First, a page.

Ferenc Molnár was a Hungarian novelist and dramatist mostly known for his novel The Paul Street Boys. He adopted American citizenship after emigrating to the US to escape the persecution of Hungarian Jews during WWII. Most of his Hungarian peers could only dream of the success he had abroad.

Molnár Ferenc (born Neumann) was born in Budapest, 12 January 1878 and died in New York, 1 April 1952. His parents were Mór Neumann and Jozefa Wallfisch.

During his school years, he was studying to become a journalist. However, due to the pressure of his parents, from 1896 he studied law for a year at the university in Geneva and Budapest. Meanwhile, he already had his writings published in Pesti Hírlap. He worked on pieces of literature and translations of plays, too.

His first great success came with the play the Devil (1907), but Liliom, The Swan, and The Red Mill were also successfully played abroad, especially in Austria, Germany, and the US.

Photo: Wikicommons by Carl Van Vechten

Some of his short stories are regarded as masterpieces, especially those collected in Music (1908).

They look behind the glittering surface of society life and represent the problems of the poor and the underdog.

His first satirical novel, The Hungry City created a sensation among readers. In 1906, he published The Paul Street Boys, the youth novel which granted him recognition:

The Paul Street Boys became one of the most famous Hungarian novels outside the country. It has been translated into many languages, and in several countries, it is a mandatory or recommended reading in schools.

Louis Rittenberg made the first English translation and published in 1927, and later revised by George Szirtes for a re-release in 1994.

The novel tells a story of a group of schoolboys from District VIII. They spend most of their time on the grund, but another gang of boys tries to take it over. The Paul Street Boys must militarily defend themselves and the grund. The book ends in a tragedy.

Photo: Illustration from the first edition. Wikicommons by unknown

It has many adaptations besides the Hungarian films: The USA movie No Greater Glory is one of them (1934). I ragazzi della via Paal, the Italian version was filmed one year later, in 1935.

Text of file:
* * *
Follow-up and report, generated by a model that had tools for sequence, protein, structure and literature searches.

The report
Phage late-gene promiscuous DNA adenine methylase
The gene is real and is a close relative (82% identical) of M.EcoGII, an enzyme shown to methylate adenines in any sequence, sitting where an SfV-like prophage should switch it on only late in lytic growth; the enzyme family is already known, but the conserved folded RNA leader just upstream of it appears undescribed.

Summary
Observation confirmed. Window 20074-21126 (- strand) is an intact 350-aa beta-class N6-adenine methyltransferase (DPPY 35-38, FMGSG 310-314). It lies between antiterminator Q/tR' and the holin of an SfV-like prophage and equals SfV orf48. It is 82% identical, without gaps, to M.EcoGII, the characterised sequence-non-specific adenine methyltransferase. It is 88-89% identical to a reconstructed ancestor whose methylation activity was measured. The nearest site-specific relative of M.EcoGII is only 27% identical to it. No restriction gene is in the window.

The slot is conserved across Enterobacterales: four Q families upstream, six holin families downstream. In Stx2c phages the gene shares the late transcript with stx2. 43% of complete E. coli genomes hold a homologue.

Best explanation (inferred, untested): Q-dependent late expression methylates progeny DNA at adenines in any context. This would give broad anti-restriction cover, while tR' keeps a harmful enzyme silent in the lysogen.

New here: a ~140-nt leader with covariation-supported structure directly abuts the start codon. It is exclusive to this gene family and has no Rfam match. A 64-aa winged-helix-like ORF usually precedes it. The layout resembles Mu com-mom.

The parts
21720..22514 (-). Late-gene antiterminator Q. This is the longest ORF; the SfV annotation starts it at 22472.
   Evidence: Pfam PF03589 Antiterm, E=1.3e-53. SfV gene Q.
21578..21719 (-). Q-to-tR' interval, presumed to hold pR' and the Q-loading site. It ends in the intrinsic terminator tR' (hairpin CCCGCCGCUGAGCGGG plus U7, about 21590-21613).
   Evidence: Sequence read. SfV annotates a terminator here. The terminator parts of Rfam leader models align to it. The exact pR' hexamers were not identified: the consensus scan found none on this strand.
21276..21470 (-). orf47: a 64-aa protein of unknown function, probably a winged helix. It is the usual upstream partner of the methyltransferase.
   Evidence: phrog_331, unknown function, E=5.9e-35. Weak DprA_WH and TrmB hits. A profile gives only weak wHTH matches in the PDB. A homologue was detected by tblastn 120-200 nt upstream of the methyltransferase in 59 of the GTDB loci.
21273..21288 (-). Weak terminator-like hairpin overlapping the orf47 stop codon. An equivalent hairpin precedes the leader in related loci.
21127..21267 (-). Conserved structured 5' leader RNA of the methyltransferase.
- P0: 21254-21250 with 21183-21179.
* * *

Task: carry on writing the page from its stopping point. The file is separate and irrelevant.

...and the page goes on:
In the same year as the publishing of The Paul Street Boys, Molnár married Margit Vészi writer and painter. They had a daughter from the marriage, Márta Molnár.

As the anecdotes say, Molnár was an alcoholic and suffered from depression.

The reason his first wife divorced him was that he beat her on numerous occasions. He wrote the play Liliom for her, in which the main character often beats his shy, meek wife who makes their living. The play’s debut in Vígszínház was a failure and Molnár could not cope with it; he had a nervous breakdown. He was treated in a sanatorium for a year.

The very same play was a huge success in Berlin.

In Vígszínház, Irény Varsányi played the female lead role, whom Molnár had fallen in love with and even had a duel with her husband because of which Molnár was sent to jail. Soon after this, his first wife divorced him. In 1922, Molnár married his second wife, Sári Fedák, but they ended up divorcing after a short time.

He had severe depression, which was worsened by the disappointment. He contemplated and tried to commit suicide. When Sándor Bródy, who also dealt with depression, tried to lecture him on the ways of killing oneself, Molnár replied:

“I only accept advice in the question of suicide from people who already succeeded”.

Photo: Lili Darvas. Wikicommons by Miklós Labori

His third wife was Lili Darvas actress with whom they fled Hungary in 1939. They first went to France, then Switzerland, to finally end up in New York. In the US he became depressed again when his secretary and lover, Vanda Bartha committed suicide.

Despite his depression, he wrote numerous plays in America. His play Panoptikum debuted on Broadway in 1949. In 1950, Ingrid Bergman featured in Liliom.

He died in 1952, at the age of 74, during a stomach surgery.

Featured Image: The Paul Street Boys Sculpture in Budapest. Wikicommons by user: misibacsi

Source: britannica.com

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